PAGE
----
'We've Got To Get Up' And 'Bring More Light Into This World,' Rabbi Says After Synagogue Shooting09:28
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People walk past a projection on the Old City wall in Jerusalem, Sunday, Oct. 28, 2018 in a commemoration of the victims of a deadly shooting at a Pittsburgh synagogue. (Dusan Vranic/AP)
People walk past a projection on the Old City wall in Jerusalem, Sunday, Oct. 28, 2018 in a commemoration of the victims of a deadly shooting at a Pittsburgh synagogue. (Dusan Vranic/AP)
This article is more than 1 year old.

Rabbi Moishe Mayir Vogel said it was “very encouraging” to see such a tremendous show of support from people outside of the Jewish community after Saturday's mass shooting at Pittsburgh's Tree of Life synagogue.

While those in the community are suffering and having a difficult times going back to normal life, Vogel says community members have to "concentrate on bringing more lightness."

"The gut reaction is to hunker down, cover ourselves and not let the outside in," he says. "And we've got to stand stronger than that. We've got to get up, get out into the community and bring more light into this world."

Here & Now's Peter O'Dowd speaks with Vogul, executive director at the Aleph Institute, a Jewish humanitarian organization in the Squirrel Hill neighborhood, where Saturday's shooting took place.

Interview Highlights

On how the community is coping with the tragedy

“It's a tough morning. It's a tough day as we get up to what should be a normal work week. But people are suffering. Those who have to go to work have called how difficult it was today to go to work, to begin life normal after the tremendous tragedy that we're still in the middle of. We haven't buried our loved ones yet. And it's a terrible moment to be in in this time.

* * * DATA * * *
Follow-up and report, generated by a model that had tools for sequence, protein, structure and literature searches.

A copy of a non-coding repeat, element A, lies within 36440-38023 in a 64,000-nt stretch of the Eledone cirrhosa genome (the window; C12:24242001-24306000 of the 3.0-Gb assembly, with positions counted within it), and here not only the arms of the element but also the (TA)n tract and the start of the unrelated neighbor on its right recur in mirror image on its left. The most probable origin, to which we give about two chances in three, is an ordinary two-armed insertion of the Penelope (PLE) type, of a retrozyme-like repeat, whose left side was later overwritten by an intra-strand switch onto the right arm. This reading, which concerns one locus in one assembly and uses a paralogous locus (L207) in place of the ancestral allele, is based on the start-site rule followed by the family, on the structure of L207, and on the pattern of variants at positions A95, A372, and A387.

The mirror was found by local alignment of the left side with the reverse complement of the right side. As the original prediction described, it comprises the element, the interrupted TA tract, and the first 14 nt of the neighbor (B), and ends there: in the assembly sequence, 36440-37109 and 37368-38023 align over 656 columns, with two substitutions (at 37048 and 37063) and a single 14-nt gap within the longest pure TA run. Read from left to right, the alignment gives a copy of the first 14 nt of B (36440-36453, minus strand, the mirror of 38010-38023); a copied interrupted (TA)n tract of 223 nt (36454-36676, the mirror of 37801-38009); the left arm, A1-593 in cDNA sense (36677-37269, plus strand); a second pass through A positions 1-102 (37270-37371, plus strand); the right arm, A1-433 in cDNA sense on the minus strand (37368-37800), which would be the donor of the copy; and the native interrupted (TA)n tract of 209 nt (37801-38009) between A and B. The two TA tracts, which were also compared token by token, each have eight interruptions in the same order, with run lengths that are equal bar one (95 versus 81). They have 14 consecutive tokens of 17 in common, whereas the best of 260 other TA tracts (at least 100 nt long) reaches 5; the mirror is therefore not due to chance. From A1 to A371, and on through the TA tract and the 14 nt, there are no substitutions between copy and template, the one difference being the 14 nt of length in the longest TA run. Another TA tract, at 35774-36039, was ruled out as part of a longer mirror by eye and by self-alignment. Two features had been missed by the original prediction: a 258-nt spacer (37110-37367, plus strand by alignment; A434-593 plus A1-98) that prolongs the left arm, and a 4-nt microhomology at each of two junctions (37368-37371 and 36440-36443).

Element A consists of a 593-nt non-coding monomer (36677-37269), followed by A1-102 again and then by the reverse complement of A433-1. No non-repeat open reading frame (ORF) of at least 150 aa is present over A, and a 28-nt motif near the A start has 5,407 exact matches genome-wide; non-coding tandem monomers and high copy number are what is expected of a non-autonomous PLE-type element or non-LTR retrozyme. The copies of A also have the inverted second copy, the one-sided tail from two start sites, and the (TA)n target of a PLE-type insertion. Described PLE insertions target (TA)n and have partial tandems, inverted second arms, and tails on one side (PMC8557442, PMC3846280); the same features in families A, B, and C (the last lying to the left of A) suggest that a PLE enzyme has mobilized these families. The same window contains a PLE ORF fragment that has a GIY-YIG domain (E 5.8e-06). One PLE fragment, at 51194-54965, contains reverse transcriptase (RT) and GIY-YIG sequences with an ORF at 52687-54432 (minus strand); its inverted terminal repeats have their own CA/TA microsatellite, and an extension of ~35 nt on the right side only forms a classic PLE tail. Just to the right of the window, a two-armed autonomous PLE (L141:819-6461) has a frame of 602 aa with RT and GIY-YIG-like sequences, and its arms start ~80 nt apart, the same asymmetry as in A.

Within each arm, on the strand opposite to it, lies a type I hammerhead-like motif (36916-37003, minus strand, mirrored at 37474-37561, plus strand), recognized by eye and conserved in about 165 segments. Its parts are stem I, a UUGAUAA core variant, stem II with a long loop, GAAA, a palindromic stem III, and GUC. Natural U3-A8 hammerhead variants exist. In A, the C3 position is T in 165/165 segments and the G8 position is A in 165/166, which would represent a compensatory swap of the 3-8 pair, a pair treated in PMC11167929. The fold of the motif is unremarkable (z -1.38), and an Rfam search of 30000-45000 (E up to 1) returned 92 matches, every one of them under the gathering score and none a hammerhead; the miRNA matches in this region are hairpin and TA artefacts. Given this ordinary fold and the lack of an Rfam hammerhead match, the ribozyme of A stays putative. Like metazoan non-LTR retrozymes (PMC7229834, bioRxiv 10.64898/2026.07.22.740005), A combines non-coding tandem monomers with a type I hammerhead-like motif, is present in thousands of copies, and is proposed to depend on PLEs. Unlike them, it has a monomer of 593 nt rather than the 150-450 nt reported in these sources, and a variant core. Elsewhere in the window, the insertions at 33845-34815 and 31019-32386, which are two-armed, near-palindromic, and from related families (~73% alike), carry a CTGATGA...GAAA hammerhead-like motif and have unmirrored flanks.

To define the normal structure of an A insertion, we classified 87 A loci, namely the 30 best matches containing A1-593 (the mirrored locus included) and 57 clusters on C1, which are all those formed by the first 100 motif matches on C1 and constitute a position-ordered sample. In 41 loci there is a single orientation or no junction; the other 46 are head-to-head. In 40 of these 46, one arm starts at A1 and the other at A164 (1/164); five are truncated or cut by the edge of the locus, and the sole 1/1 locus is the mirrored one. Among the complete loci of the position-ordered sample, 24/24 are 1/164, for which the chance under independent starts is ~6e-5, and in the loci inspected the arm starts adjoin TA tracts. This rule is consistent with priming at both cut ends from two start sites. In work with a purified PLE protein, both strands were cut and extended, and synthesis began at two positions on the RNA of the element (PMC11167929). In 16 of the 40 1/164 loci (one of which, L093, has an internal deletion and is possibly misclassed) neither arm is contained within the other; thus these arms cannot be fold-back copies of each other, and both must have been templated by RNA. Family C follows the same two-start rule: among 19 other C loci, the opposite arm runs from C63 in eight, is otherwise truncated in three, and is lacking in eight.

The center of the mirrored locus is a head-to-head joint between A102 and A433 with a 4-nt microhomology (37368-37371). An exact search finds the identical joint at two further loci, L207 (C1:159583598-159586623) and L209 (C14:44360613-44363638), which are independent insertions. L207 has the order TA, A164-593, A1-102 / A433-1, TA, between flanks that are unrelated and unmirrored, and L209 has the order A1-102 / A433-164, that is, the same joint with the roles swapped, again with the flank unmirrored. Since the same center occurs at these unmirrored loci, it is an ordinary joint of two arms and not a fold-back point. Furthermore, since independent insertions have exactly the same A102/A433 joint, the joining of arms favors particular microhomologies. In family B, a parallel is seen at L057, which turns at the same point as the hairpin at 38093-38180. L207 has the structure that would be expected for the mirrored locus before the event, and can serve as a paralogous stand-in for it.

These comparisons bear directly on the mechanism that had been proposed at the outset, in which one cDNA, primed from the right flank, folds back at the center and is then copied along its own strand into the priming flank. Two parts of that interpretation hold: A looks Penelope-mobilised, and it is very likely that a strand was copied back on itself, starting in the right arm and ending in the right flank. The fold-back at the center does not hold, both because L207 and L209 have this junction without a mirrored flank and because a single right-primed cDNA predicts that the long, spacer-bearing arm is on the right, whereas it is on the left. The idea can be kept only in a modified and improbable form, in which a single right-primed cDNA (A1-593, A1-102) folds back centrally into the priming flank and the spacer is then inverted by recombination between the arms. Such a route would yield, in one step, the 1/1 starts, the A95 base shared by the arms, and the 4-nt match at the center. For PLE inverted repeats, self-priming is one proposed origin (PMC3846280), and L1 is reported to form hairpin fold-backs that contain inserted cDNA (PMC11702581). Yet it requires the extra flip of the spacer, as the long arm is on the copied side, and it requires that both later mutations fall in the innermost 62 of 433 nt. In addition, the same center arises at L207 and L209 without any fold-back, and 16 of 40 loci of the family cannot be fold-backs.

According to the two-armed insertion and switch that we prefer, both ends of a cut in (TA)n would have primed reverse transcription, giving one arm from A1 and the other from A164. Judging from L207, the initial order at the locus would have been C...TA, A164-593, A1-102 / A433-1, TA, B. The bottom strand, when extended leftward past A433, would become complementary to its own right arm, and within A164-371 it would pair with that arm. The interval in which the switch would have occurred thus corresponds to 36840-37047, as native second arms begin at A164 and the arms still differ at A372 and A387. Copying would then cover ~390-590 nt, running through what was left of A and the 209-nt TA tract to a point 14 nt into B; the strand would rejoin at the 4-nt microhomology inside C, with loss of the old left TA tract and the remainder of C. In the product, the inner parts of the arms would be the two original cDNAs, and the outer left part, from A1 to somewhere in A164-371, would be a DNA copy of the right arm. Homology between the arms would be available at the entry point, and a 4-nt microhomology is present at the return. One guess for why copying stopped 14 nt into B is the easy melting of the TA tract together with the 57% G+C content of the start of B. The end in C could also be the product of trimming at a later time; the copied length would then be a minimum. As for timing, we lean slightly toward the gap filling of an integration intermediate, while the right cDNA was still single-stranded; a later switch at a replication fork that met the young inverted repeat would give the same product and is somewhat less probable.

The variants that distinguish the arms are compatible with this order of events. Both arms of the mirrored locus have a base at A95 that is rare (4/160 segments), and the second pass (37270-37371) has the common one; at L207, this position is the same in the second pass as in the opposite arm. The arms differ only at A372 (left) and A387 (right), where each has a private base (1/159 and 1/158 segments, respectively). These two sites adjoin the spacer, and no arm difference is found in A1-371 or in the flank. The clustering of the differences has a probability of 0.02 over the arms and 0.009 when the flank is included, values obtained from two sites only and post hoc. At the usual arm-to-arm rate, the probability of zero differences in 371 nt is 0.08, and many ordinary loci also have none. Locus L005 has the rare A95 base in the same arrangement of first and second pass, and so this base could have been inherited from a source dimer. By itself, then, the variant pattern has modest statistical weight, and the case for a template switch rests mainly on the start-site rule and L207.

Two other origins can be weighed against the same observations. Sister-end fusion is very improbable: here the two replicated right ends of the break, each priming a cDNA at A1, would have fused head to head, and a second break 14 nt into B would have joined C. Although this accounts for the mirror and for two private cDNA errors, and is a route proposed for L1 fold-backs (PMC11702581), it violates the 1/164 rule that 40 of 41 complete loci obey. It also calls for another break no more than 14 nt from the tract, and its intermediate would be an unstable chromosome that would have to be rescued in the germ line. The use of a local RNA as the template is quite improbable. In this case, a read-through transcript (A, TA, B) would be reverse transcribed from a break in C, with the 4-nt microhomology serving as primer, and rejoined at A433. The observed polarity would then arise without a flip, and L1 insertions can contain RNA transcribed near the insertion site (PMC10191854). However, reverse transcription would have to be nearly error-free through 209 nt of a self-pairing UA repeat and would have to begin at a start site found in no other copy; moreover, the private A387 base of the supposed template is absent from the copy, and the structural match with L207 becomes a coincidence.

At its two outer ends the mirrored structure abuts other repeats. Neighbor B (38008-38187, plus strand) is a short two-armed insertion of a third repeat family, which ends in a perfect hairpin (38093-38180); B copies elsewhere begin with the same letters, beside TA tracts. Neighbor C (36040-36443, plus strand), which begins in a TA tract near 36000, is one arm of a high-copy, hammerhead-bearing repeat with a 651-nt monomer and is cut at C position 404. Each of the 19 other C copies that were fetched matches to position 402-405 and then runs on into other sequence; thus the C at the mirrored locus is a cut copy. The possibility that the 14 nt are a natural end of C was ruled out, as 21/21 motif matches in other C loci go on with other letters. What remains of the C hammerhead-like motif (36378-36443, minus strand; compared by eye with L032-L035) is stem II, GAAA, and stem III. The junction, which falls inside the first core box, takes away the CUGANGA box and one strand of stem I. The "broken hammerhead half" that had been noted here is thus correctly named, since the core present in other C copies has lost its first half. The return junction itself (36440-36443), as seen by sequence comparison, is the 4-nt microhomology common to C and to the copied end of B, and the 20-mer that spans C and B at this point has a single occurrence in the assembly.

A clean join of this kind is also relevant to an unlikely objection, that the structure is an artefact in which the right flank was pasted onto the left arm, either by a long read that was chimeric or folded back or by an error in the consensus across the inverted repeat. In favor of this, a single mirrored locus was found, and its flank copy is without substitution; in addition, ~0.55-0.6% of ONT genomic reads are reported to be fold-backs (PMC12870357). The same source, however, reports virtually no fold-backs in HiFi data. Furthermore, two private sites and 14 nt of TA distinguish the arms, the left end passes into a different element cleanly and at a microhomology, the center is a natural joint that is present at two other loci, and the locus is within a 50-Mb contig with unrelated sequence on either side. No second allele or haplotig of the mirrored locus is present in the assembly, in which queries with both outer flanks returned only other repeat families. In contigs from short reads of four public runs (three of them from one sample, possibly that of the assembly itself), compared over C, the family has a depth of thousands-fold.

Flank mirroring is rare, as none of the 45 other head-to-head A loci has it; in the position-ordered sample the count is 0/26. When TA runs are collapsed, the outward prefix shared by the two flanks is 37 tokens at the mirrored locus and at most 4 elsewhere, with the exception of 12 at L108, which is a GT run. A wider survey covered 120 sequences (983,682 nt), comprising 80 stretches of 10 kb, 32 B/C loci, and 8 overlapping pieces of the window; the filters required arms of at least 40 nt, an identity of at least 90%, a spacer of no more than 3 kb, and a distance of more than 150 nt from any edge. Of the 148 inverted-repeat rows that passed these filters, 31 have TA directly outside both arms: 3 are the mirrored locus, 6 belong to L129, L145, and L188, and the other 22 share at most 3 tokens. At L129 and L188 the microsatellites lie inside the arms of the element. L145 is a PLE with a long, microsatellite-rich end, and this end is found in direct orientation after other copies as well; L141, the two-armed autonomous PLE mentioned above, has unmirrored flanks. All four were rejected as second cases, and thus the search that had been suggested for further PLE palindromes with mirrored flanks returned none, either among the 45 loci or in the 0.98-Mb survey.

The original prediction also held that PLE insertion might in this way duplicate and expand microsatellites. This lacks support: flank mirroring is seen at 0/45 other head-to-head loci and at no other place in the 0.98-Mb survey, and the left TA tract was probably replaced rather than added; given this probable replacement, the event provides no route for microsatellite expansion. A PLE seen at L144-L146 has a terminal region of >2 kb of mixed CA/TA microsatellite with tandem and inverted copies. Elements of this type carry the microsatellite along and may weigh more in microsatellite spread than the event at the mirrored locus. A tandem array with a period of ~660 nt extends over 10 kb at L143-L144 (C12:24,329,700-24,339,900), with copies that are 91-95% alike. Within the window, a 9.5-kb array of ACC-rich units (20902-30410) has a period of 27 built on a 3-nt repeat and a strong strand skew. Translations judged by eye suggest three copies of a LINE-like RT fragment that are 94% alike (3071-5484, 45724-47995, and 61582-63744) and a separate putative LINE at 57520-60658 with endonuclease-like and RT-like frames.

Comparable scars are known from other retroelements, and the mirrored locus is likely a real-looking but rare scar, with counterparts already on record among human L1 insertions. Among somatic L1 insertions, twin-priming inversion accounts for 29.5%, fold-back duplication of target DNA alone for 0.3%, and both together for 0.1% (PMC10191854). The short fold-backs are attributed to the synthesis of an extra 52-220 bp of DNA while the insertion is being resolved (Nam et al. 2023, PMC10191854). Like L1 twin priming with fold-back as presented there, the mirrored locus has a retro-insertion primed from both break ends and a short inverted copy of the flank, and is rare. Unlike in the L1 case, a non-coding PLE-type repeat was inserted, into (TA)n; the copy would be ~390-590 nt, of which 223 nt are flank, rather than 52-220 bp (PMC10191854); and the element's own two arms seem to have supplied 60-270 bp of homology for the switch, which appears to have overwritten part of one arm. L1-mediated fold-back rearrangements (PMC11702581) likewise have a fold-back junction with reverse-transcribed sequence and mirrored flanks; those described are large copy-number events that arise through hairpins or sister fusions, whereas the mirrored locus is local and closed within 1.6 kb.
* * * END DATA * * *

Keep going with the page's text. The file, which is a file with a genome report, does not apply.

“The Talmud teaches us that a small light dispels much darkness, and in times like this, we have to remember that the more light we bring, the more darkness we're going to dispel, and the better the world is around us.”

"It's difficult, no question it's challenging to get up, but we have to use the strength to get back and do what we've got to do and to bring light into this world."

Rabbi Moishe Mayir Vogel

On where he was when the shooting was happened

“I was at services with others, and then we find out, so all synagogues went into a state of lockdown. … The community had gone through a preparedness program months ago in case, God forbid, a horrible event like took place over the weekend were to happen, and we hunkered down when all the synagogues went into lockdown mode.

“The rabbis and all the synagogues, we all instructed, 'We've got to continue with services.' Unless we're in emergency services where we have to go to the hospitals — and some of us did have to go to the hospitals to provide emergency care for those who were coming in — the rest, we've got to continue with our services.